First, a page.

Eudald Serra i Güell (1911-2002), a sculptor and ethnologist. An important surrealist sculptor, he formed part of the post-war Catalan artistic avantgarde as a member of the group ADLAN (Amics de l’Art Nou, Friends of New Art). He had studied at Llotja Arts and Crafts School in Barcelona, where he was taught by Àngel Ferrant. In 1935, he left for Japan, the country where he began working on ceramics with Hamada Shoji. He held numerous exhibitions that earned him various accolades. He lived there until 1948. His interest in cultures was aroused during the trip he had taken to Hokkaido Island in 1947, at the service of the United States army, in the course of which he began to model busts of the territory’s original inhabitants, an activity that he defined as artistic anthropology and was a constant on all of his trips. In 1949, and back in Barcelona, he met August Panyella and began collaborating with the museum. Then he met Albert Folch. He developed a great friendship with both of them.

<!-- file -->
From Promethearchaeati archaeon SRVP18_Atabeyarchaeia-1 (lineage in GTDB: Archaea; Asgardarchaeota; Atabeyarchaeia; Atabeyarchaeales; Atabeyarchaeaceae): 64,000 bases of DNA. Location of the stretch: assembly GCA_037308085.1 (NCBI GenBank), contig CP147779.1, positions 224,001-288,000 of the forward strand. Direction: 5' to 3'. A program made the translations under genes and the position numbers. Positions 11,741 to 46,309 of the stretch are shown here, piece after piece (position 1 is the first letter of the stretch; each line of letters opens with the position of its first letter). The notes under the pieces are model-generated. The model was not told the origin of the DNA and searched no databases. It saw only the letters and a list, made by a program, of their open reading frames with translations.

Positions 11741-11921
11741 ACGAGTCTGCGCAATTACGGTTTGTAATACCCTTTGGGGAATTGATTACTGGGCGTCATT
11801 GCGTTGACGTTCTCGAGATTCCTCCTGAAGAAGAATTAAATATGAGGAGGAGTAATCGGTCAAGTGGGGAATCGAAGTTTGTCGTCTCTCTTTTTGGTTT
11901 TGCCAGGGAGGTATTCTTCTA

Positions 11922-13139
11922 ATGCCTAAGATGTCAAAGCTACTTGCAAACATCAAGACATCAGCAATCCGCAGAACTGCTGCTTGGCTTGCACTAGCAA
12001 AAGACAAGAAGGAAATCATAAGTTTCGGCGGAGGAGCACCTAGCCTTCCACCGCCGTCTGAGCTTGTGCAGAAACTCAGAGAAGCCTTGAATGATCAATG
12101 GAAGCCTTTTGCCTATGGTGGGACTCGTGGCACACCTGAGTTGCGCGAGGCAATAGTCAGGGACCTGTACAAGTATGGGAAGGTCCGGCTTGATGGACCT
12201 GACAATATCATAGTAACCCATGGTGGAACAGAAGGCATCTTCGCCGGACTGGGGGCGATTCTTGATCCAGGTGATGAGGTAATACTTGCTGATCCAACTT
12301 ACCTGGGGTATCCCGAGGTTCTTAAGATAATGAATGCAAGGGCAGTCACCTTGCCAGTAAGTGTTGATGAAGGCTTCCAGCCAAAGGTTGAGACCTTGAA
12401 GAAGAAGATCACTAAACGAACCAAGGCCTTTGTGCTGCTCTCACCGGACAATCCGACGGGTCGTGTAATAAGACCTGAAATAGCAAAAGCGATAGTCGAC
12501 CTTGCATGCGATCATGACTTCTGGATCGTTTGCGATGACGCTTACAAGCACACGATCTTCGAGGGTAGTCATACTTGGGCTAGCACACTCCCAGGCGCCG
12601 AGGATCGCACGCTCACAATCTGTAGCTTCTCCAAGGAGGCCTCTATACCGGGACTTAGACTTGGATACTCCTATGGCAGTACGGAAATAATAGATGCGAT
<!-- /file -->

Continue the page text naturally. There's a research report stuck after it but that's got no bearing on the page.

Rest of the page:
Serra worked with ceramist Llorenç Artigas, formed part of the Altamira School avant-garde group and won the Prize for Sculpture at the 1st Hispano-American Biennial of Art in 1952. His work can be found in different public spaces across Barcelona, in various museums, and on the façade of the Ethnological Museum of Barcelona building. Serra also taught, an activity that he gave up when he became the conservator responsible for Albert Folch’s collections.
He collaborated with the museum by taking part in various expeditions with August Panyella and going on several reconnaissance trips alone in order to prepare for future expeditions, during which he acquired objects for the museum’s holdings, which were funded by Barcelona City Council. He undertook other expeditions with Panyella and Albert Folch, or only with the latter. In the case of expeditions paid for by Folch, he was in charge of preparation and planning. He did the preliminary reconnaissance work by travelling in advance to the different destinations, and selecting and buying objects. His approach to the objects stemmed from a motivation other than strict anthropology or ethnography, and he always relied on premises of artistic experience. He published several works, some with Folch. On Albert Folch’s death, he was appointed director of the Folch Foundation.